Tax Analysts Blog

The Tax Reform Supermarket

Posted on Feb 23, 2015

One year ago this month, then-House Ways and Means Committee Chair Dave Camp provided American businesses with a glimpse of what politically realistic income tax reform might look like, and they haven't liked what they've seen. They are pleased with the 25 percent corporate rate and the move to territorial taxation, but that is not enough to overcome their dislike of the loss of all their tax breaks. Likewise, the individual side of the plan -- with a top rate of 35 percent and trimmed tax breaks for mortgage interest and charitable giving -- is a strong dose of reality for those who had been portraying tax reform as some sort of economic and political nirvana.

Slowly but surely, members of Congress are coming to the painful realization that conventional, Reagan-style tax reform is going nowhere. The Camp plan was the endpoint of a long three-year process involving dozens of expert staff and endless meetings with stakeholders and lobbyists. If seasoned Republican Ways and Means members and staff could not come close to drafting a politically feasible income tax reform in 2014, is it realistic to expect the 114th Congress to do any better? There is no modification of the Camp template that will magically transform its political viability. This means we will now be entering a period of increased interest in alternatives to conventional income tax reform.

To help navigate the often bewildering array of tax reform options, the possibilities can be divided into four general categories. Think of each of the categories as an aisle in the supermarket, like those shown in the figure below. In the following months, members of Congress and presidential candidates will be spending a lot of time browsing the aisles of the tax reform supermarket.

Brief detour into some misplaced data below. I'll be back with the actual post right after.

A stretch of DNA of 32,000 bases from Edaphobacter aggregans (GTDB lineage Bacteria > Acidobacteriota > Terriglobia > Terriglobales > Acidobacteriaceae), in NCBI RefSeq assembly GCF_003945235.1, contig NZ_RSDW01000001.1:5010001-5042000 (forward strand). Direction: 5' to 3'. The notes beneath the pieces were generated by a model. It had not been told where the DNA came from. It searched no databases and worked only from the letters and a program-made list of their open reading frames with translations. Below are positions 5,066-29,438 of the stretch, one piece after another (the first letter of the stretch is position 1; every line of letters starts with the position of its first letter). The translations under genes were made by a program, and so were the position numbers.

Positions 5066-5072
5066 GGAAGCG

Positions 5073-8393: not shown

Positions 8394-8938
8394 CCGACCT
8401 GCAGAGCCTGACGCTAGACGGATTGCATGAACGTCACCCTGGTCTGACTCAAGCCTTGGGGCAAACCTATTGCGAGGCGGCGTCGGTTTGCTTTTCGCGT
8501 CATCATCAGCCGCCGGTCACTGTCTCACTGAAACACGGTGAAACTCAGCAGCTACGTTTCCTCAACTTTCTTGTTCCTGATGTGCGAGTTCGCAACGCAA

In Aisle 1 are all the conventional tax reform proposals that lower the income tax rates and pay for them by broadening the income tax base. Since Alan Simpson and Erskine Bowles got the tax reform ball rolling in 2010, this approach has gotten the most attention on Capitol Hill. Because of its detail and scope, the Camp proposal is the most noteworthy. But this is the same approach adopted by former Finance Committee Chair Ron Wyden, D-Ore., and Sen. Daniel Coats, R-Ind. Other prominent politicians who have suggested plans that incorporate this approach (although without supplying details) include Ways and Means Committee Chair Paul Ryan, R-Wis., in 2011 and Mitt Romney during his 2012 presidential campaign. President Obama has proposed lowering corporate rates and broadening the corporate tax base, but he does not support individual income tax reform.

In Aisle 2 are reforms that would lower income tax rates by tapping new sources of revenue. The proposed tax on large financial institutions included in the Camp plan would raise $86 billion over 10 years. Obama's latest budget also includes a tax on large financial institutions expected to raise $112 billion over 10 years. A financial transactions tax would raise $180 billion over 10 years. These taxes still would only pay for corporate rate reductions of 1 or 2 percentage points.

A carbon tax has much more revenue potential. A tax on greenhouse gas emissions could raise $1 trillion in a decade. This would be enough to replace revenue lost from a 10 percentage point reduction in the corporate tax rate.

The big kahuna of alternative revenue sources is the VAT. A broad-based VAT with a 5 percent rate would raise about $250 billion per year. Revenue of this magnitude is what is needed to make game-changing reductions in the individual and corporate income taxes.

Because of knee-jerk opposition to the tax in the United States, advocates avoid any reference to value added taxation. In December 2014 Senate Finance Committee member Benjamin L. Cardin, D-Md., introduced legislation that would impose a 10 percent VAT and use that revenue to lower the corporate tax rate to 17 percent and the top personal rate to 28 percent. He calls his VAT the progressive consumption tax. The Cardin proposal is a variation of the tax reform plan espoused by professor Michael Graetz of Columbia Law School.